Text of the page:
Understandably, laws and standards also require IT security for “legacy devices." However, the way in which these requirements are formulated often leads to confusion.
For example, legislators and standard committees have been unable to agree on common definitions. One definition refers to the IT security of legacy devices, another to the IT security of old or existing devices, and another to the IT security of software in transition.
The IT security requirements for medical devices that contain software or are software are also not coordinated.
This article explains the situation and provides medical device manufacturers, notified bodies, and operators with an overview.
This article is about medical devices,
The following situations can be distinguished:
Standards and guidelines also distinguish the above situations conceptually:
IEC 81001-5-1 describes the software for situation 2 devices as "Transitional Health Software."
“HEALTH SOFTWARE, which was released prior to publication of this document, and which does not meet all requirements specified in Clause 4 through Clause 9 of this document.”
However, this definition does not exclude the software in situation 3. This is because it does not distinguish whether the requirements are not or not yet fulfilled.
The IMDRF document N70 defines devices with software whose conformity with the current requirements could not be demonstrated (situation 3) as "Legacy Devices."
“medical devices that cannot be reasonably protected against current cybersecurity threats”
This definition refers to "legacy" only in the context of "cybersecurity.” In its document, the IMDRF only addresses "cybersecurity threats" that have an impact on patient safety. A negative impact solely on security, for example, is not within the scope of the document.
General requirements for legacy devices are listed in our article "What manufacturers need to know about legacy devices."
Unfortunately, the definition of the term "Legacy Device" in the IMDRF does not match the definition in IEC 62304.
“MEDICAL DEVICE SOFTWARE which was legally placed on the market and is still marketed today but for which there is insufficient objective evidence that it was developed in compliance with the current version of this standard.”
IEC 62304:2015, Chapter 3.36
This definition (in contrast to the IMDRF definition) does not distinguish whether IT security and, thus, compliance can be restored (see also Fig. 1). It also does not consider the age of the device. However, IEC 62304 assumes that the device will continue to be marketed.
With the introduction of IEC 62304, discussions arose about whether the standard had to be automatically applied to legacy devices on the market. An amendment or the second edition of the standard provided clarity:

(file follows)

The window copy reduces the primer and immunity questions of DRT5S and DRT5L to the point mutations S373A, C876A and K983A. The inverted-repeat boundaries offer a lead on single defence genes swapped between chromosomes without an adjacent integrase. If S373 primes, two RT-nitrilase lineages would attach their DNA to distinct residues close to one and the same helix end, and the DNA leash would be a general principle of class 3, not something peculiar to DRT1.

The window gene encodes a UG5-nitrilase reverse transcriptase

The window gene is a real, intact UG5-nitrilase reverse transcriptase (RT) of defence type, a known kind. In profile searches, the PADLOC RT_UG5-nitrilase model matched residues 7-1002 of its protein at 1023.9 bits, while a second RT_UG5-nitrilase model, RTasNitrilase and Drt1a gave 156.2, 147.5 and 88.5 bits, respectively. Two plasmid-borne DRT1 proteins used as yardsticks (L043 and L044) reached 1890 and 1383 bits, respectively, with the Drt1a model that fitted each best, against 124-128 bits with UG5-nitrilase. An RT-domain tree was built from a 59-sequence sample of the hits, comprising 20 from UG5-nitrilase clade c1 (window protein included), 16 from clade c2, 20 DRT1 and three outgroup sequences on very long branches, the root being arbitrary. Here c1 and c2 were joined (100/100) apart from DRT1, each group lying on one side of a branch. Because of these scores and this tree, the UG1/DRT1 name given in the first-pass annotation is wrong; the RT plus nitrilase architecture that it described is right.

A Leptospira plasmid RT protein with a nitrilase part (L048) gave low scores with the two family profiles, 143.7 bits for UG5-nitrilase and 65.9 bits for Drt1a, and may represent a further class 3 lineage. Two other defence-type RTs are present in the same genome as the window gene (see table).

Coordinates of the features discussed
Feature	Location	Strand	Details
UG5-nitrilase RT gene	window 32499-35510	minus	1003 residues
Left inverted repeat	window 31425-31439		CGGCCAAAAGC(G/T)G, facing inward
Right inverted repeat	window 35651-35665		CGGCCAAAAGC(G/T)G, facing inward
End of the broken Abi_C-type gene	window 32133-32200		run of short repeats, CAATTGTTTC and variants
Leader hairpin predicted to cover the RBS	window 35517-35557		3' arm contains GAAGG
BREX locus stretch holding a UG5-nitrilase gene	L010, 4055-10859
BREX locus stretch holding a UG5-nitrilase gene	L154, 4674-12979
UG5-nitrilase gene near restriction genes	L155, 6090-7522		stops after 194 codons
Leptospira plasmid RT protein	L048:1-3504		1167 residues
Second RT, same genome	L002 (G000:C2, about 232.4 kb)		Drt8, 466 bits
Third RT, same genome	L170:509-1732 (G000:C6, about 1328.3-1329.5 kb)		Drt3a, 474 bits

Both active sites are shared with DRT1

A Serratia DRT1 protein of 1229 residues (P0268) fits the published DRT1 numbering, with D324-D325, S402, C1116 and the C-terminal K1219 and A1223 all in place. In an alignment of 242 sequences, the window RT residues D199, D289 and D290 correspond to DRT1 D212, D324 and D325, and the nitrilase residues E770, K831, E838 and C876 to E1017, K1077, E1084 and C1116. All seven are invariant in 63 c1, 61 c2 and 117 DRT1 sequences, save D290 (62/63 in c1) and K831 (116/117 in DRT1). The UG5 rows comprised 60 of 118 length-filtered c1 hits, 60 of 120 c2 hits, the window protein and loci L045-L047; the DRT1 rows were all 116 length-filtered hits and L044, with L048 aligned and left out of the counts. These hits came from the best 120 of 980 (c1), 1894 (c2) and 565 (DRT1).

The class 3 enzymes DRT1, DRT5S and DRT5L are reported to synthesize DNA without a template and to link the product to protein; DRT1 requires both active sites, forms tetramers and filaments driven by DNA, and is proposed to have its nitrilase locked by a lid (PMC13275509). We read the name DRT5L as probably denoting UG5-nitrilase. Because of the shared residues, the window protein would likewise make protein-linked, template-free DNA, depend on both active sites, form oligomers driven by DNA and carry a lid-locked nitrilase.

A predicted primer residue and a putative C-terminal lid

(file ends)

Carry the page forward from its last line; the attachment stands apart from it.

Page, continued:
A corresponding normative paragraph required risk-based specific activities. Not all standard requirements have to be met retrospectively in all cases. However, no general "grandfathering" exists for legacy devices.
This article uses the term "legacy device" as an umbrella term for all situations in which the IT security of medical devices that were placed on the market before the current regulatory requirements came into force has not been demonstrated or has not yet been demonstrated.
The question now arises as to how legacy devices must be treated with regard to IT security, namely for situations 2 and 3 above (conformity with current requirements has not yet been demonstrated or cannot be demonstrated). The question is:
Is there "grandfathering," i.e., unrestricted continued use of the devices on the market for existing devices in the sense of "transitional health software" or "legacy devices"?
The answer to this question is crucial. It is often no longer (economically) possible to update the software of very old devices because
If the grandfathering is dropped, many manufacturers could be forced to withdraw the devices from the market.
The answer to the question posed above is clear:
In the context of IT security, there is no general grandfathering of "legacy devices"!
The economic consequences for manufacturers and even the threat of poorer patient care are not arguments for dispensing with the IT security of legacy devices.
There is a regulatory requirement for manufacturers to continuously analyze and ensure the IT security of the devices they have already placed on the market. However, this does not mean that operators are prohibited from continuing to use such devices.
For example, an operator cannot decommission the programming device of a pacemaker, even if the manufacturer discontinued it years ago. This is because the operator must continue to supply the patients who use the pacemakers programmed with it.
Conversely, the MITRE requirements allow manufacturers to transfer tasks relating to "IT security for legacy devices" to the operators. More on this below.
The motivation for sufficient IT security measures lies in the threat posed by cyberattacks.
There are several reasons why the requirements for IT security are (or at least appear to be) particularly high:
It, therefore, does not make sense to certify "legacy devices" as having sufficient IT security simply because there is no information to the contrary. Rather, "security by design" must be continuously improved, and corresponding IT security activities must be implemented in the device's life cycle.